13. Elementary Lessons in Electricity and Magnetism by Silvanus P. Thompson. New edition, revised throughout with additions, 628 pp. New York and London, 1895 (Macmillan & Co.)— The first edition of Thompson's Lessons, published in 1881, is well known as one of the best elementary books on Electricity and Magnetism ever presented and, with later reprints, it has had well deserved success. The present new edition contains all the good features of the earlier ones, while the large amount of new matter added makes it fresh and new throughout. Thus for example, to the subject of Electric waves a special chapter is devoted in which the work of Hertz and others is clearly, if briefly, presented. Many new illustrations are introduced ; these representing the lines of force in various electric fields, e. g. in electrostatic induction, etc., will be particularly helpful to the student. The work in its present form deserves bigh commendation. A criticism might be offered by the teacher using the book to the arrangement of matter in some cases, but there may be room here for some difference of opinion.
* Roy. Soc. Proc., vol. xliii, p. 152, 1887.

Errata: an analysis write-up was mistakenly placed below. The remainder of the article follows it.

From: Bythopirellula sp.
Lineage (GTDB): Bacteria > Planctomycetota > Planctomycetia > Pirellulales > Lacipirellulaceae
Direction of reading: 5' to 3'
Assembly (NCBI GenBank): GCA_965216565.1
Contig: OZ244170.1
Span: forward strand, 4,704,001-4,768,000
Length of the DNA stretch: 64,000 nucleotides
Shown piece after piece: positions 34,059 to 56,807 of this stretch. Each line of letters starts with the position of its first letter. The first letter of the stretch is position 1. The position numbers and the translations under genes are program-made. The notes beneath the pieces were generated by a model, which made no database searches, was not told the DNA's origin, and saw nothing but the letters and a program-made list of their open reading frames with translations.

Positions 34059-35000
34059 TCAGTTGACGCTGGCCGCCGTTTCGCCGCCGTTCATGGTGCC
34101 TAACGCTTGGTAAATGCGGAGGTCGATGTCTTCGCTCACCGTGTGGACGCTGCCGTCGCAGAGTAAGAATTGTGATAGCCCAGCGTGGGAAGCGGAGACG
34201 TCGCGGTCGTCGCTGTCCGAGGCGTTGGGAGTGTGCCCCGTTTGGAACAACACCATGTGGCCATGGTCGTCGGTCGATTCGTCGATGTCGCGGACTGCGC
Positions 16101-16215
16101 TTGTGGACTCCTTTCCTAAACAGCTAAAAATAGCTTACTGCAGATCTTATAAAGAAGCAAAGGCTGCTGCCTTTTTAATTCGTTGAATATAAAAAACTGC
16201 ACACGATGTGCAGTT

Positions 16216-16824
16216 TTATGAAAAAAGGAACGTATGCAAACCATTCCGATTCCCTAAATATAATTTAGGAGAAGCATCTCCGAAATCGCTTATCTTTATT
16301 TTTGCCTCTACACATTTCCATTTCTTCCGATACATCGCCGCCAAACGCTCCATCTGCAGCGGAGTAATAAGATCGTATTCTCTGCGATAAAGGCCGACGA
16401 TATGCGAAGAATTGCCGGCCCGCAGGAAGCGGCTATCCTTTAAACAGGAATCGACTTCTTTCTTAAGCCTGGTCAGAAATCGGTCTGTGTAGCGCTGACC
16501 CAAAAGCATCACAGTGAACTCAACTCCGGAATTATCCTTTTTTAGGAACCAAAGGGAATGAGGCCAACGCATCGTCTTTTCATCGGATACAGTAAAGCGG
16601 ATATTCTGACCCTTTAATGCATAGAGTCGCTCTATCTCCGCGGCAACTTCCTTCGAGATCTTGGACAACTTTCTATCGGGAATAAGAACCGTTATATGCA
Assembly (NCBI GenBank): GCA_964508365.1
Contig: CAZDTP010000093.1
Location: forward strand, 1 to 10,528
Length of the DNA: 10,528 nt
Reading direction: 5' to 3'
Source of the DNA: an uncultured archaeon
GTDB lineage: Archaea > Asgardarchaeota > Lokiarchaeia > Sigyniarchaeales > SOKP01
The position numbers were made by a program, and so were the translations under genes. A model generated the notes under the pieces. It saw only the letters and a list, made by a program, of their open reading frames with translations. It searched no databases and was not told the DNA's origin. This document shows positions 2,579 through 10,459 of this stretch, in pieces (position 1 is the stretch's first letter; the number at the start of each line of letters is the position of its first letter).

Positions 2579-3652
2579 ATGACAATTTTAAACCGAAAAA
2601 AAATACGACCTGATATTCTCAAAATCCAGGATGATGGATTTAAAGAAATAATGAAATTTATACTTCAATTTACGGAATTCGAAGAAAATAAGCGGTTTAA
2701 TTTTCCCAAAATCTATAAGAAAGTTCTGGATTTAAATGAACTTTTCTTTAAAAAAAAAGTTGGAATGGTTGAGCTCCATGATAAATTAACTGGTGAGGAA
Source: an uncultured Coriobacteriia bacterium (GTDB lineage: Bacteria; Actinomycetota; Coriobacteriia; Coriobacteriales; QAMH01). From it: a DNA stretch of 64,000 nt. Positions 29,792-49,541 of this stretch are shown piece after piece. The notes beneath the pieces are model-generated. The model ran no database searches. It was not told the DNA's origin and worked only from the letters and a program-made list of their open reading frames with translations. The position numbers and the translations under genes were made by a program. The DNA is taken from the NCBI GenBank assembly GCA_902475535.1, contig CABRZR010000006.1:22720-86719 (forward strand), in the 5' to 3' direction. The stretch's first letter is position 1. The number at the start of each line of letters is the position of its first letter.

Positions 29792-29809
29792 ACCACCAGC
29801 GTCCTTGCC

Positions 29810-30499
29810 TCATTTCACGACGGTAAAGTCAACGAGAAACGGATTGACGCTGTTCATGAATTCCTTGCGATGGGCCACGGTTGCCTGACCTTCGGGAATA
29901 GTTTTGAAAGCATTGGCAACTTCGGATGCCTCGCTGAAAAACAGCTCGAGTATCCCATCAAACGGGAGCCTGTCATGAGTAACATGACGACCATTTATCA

II. GEOLOGY AND MINERALOGY. 1. Note on the Florida Reef; by A. AGASSIZ. (Letter to J. D. Dana dated Tampa Bay, Florida, Dec. 27, 1894)—You will be nterested to hear that I have just returned from a ten days' trip to the Florida reefs, which I was anxious to examine again, in the light of the experience gained by my visit to the Bahamas and Bermudas; I think I shall be obliged materially to change my ideas of the mode of formation of the Keys, and to give up the Marquesas as a true Atoll. After having seen at the Bermudas the mode of formation of the Sounds, I have become satisfied that the Marquesas are a Sound. But the Florida Sounds do not, I think, owe their origin to subsidence, but merely to the mechanical and solvent action of the sea. It is interesting to trace on the large scale charts of the Coast Survey the mode of formation of Key Biscayne Bay, composed of two sounds, followed by Barns Sound, and finally to the westward, by the Bay of Florida, itself only a series of disconnected sounds indicated by isolated keys and bars. The same thing is going on at the Pine Islands, Key West, Boca Chica, Boca Grande, Ballast Key, and is especially well seen in Key Largo, the Marquesas, to the west of the principal line of Keys being a remarkably well preserved sound of an elliptical shape. To my great surprise I found that Lower Matecumbe was edged by an elevated reet abont 2 feet above high water mark! and this elevated reef I was able to trace all along the shores of the Keys to the east of Indian Key as far as Soldiers Key, off the central part of Key Biscayne. I examined this elevated reef also at Indian Key where its highest point is 8 feet above high water mark, at several points on Key Largo, Old Rhodes, Elliott Key, and, as the most easterly point, Soldiers Key. No trace of this elevated reef could be detected north of Cape Florida, Key Biscayne being entirely covered by siliceous sands, just as the beaches of limestone sands cover great tracts of the keys to the westward and hide the underlying elevated reef. Sbaler speaks of having traced this reet at Old Rhode’s and having followed it to the Miami River as an elevated reef. I was quite surprised on examining a bluff' about ten feet in height, extending eastward from Cocoanut Point toward the mouth of the Miami River, to find that it consisted of volian rocks which have covered the elevated reef in many places. On the low shores these eolian rocks are honeycombed and pitted and might be readily mistaken for decomposed reef rocks; but they contain no corals. This looks as if the lower southern extremity of Florida, the Everglade tracts, was a huge sink into which sands had been blown forming low dunes which have little by little been eroded, and which former observers had mistaken in some localities for reef rock. The material for these dunes coming from the (now elevated) reef at a time when it was either a fringing or a barrier reef along the former coast line of Florida, all of which, back of the reef, has little by little been eroded by the mechanical and solvent action of the sea leaving only an occasional outcrop of the elevated reef as observed by Agassiz and Shaler. Tbe outer line of reef has also been elevated. For I think Tuomey was right in looking upon the outcropping reef rock of Sand Key as an elevated reef, if I remember rightly what he says; while Professor Agassiz mistook it, as well as the traces of the elevated reef he saw along some of the Keys, for a recent reef consisting of beach rock into which large masses of corals had been thrown by hurricanes. But in this I now think both he and I were mistaken. It was bowever a natural view to take of the formation of that reef for one who was not familiar with the peculiar aspect of the elevated reefs of Cuba. From the Pine Keys and the Islands to the West, and including the Marquesas, there is nothing exposed but beach rock, stratified at a slight angle seaward on the sea faces of these Keys; and even that is only casually exposed, -the greater part of the southern beaches of the Keys being covered by coralline and coral sand completely hiding the substratum. Behind this beach rock, æolian rocks stretch northward and have formed the Keys.